Campervan review: TrailLite Oakura 758

By: Bill Savidan

TrailLite Oakura 758 TrailLite Oakura 758
TrailLite Oakura 758 TrailLite Oakura 758
TrailLite Oakura 758 TrailLite Oakura 758
TrailLite Oakura 758 The pedestal for the table leg is set into the floor, allowing the table to be set up easily when required. TrailLite Oakura 758
TrailLite Oakura 758 The interior layout lends itself to long-term occupation. TrailLite Oakura 758
TrailLite Oakura 758 Neck-to-knee frosted glass on the shower stall adds some modicum of privacy. TrailLite Oakura 758
TrailLite Oakura 758 Natural tones make the interior feel light and airy. TrailLite Oakura 758

Looking for locally made? Bill Savidan pronounces TrailLite's latest a little bit of luxury for discerning buyers.

At the heart of the TrailLite philosophy is the belief that the majority of its Kiwi customers want a rig with most of the comforts of home — one they can live in for weeks, rather than days at freedom camping locations where freshwater and 230-volt grid supply electricity are unavailable.

The Landmark Oakura 758 is a good example. It is a medium- to large-sized motorhome, with an overall length of 8.4 metres and an internal width of 2.24 metres. Built on an Iveco Dailey 70C17 cab chassis with a 125kW/400Nm Euro5+ turbo diesel motor driving the rear wheels through a six-speed automated manual gearbox, the gross vehicle weight (GVW) of 5995kg provides an ample payload margin for both creature comforts and certified self-contained items while allowing it to be driven on a Class 1 car licence.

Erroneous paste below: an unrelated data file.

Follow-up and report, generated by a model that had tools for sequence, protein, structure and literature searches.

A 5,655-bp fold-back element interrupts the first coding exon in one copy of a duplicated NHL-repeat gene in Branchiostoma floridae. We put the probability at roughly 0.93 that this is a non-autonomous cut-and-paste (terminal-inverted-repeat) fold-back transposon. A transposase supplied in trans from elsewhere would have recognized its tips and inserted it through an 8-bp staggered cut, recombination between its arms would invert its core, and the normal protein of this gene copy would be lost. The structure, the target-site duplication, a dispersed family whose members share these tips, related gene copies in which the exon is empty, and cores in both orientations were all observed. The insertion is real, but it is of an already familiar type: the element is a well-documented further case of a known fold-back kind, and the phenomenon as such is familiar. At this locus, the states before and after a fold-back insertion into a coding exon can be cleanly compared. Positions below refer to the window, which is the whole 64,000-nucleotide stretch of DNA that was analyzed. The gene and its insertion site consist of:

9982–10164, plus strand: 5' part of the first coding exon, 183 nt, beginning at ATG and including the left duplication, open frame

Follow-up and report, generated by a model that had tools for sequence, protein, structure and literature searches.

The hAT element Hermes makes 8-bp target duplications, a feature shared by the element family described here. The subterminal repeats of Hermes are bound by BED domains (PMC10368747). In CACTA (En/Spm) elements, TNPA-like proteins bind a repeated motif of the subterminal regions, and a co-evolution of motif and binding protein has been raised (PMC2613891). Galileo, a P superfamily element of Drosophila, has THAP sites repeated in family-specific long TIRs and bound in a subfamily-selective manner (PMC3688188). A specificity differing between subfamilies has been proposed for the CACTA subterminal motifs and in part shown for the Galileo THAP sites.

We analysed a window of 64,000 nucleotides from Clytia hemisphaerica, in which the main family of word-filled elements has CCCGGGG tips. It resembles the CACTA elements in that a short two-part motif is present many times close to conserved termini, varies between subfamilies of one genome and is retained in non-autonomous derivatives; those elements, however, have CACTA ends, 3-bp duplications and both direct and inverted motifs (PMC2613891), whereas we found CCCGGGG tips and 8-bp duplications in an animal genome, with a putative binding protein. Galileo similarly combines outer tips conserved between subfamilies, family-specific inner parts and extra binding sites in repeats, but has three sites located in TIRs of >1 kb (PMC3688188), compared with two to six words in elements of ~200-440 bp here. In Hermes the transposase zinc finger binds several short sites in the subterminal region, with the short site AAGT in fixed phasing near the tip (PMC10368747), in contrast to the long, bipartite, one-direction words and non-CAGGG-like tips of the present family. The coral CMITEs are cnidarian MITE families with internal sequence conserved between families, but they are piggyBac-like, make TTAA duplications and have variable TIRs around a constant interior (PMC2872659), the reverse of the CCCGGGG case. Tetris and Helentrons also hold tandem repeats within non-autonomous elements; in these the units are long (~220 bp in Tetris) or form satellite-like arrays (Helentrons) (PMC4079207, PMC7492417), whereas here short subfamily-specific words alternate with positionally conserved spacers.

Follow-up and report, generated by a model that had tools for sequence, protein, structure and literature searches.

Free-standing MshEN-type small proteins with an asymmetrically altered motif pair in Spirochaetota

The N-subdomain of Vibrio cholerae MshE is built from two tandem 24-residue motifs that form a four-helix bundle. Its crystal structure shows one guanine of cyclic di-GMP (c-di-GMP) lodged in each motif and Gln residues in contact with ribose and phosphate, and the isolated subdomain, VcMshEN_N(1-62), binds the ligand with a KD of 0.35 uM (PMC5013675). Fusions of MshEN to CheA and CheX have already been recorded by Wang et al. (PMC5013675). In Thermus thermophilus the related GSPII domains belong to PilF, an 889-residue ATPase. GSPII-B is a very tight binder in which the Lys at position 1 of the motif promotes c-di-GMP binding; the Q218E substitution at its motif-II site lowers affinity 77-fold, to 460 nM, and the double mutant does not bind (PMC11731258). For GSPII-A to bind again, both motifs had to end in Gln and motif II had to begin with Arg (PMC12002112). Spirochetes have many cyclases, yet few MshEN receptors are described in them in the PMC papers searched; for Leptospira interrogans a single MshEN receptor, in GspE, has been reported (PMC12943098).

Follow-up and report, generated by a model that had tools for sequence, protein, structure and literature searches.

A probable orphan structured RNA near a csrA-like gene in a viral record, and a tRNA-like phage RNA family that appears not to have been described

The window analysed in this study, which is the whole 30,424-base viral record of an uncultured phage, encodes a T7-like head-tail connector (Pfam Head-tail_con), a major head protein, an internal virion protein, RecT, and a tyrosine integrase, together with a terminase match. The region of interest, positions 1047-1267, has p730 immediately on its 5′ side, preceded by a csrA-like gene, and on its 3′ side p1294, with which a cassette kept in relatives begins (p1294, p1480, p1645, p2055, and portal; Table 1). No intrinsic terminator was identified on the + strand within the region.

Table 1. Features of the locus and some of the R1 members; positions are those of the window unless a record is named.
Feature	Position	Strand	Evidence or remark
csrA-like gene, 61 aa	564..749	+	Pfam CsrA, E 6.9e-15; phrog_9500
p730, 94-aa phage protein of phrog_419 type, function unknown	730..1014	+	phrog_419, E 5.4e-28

One of the benefits of rear-wheel drive is the towing capacity of 3000kg. However, you will need a Class 2 licence if your combined vehicle mass (ie. the Oakura 758 plus the towed unit) exceeds 6000kg.

Freedom camping

So, how well is the Oakura 758 equipped for freedom camping? Large external hatches giving access to serious storage space are a must-have item. The Oakura 758 has three, so you can take advantage of the payload capacity and load aboard the necessities of life — golf clubs, fishing rods, BBQ, tables and chairs, and whatever else takes your fancy. Oakura _specs

Freshwater won't be a problem with 375 litres of tank capacity, but you would be wise to use the digital colour monitor to keep an eye on the greywater tank levels, because, at only 200-litre capacity, it's a little out of balance with the larger freshwater tank.

The two LED TVs, (one 32-inch and one 18.5-inch with built-in DVD player) along with a Fusion Entertainment Centre (MS-AV600) will encourage regular depletion of amps from the battery, but it should cope without too much difficulty.

The 250amp/hr (at C10) house battery is well matched, with the 280 watts of solar panel power recharging the battery through an MPPT solar controller that is part of an integrated C-Tek charging system the manufacturer calls the 'world's smartest charging system'. It controls all sources of power coming into the vehicle through alternator, solar, and mains, and puts them through an eight-stage charging cycle.

The traditional method is to have power from solar, alternator, and a charger all coming in through systems that don't talk to each other. This is an integrated, intelligent system and the difference is significant. LED lighting throughout helps keep power consumption to a minimum. Two USB ports are available for recharging electronic devices and a 300-watt pure sine wave inverter is at the ready for more serious electronic power-ups.

Twin 9kg LPG bottles supply gas for cooking and water heating (22-litre hot-water cylinder capacity), while the fully-ducted (bathroom included) central heating is courtesy of a Webasto diesel heater. And to make sure the food doesn't spoil and the beer stays cold, TrailLite fits the large 190-litre Dometic two-door fridge/freezer.

The Oakura 758’s interior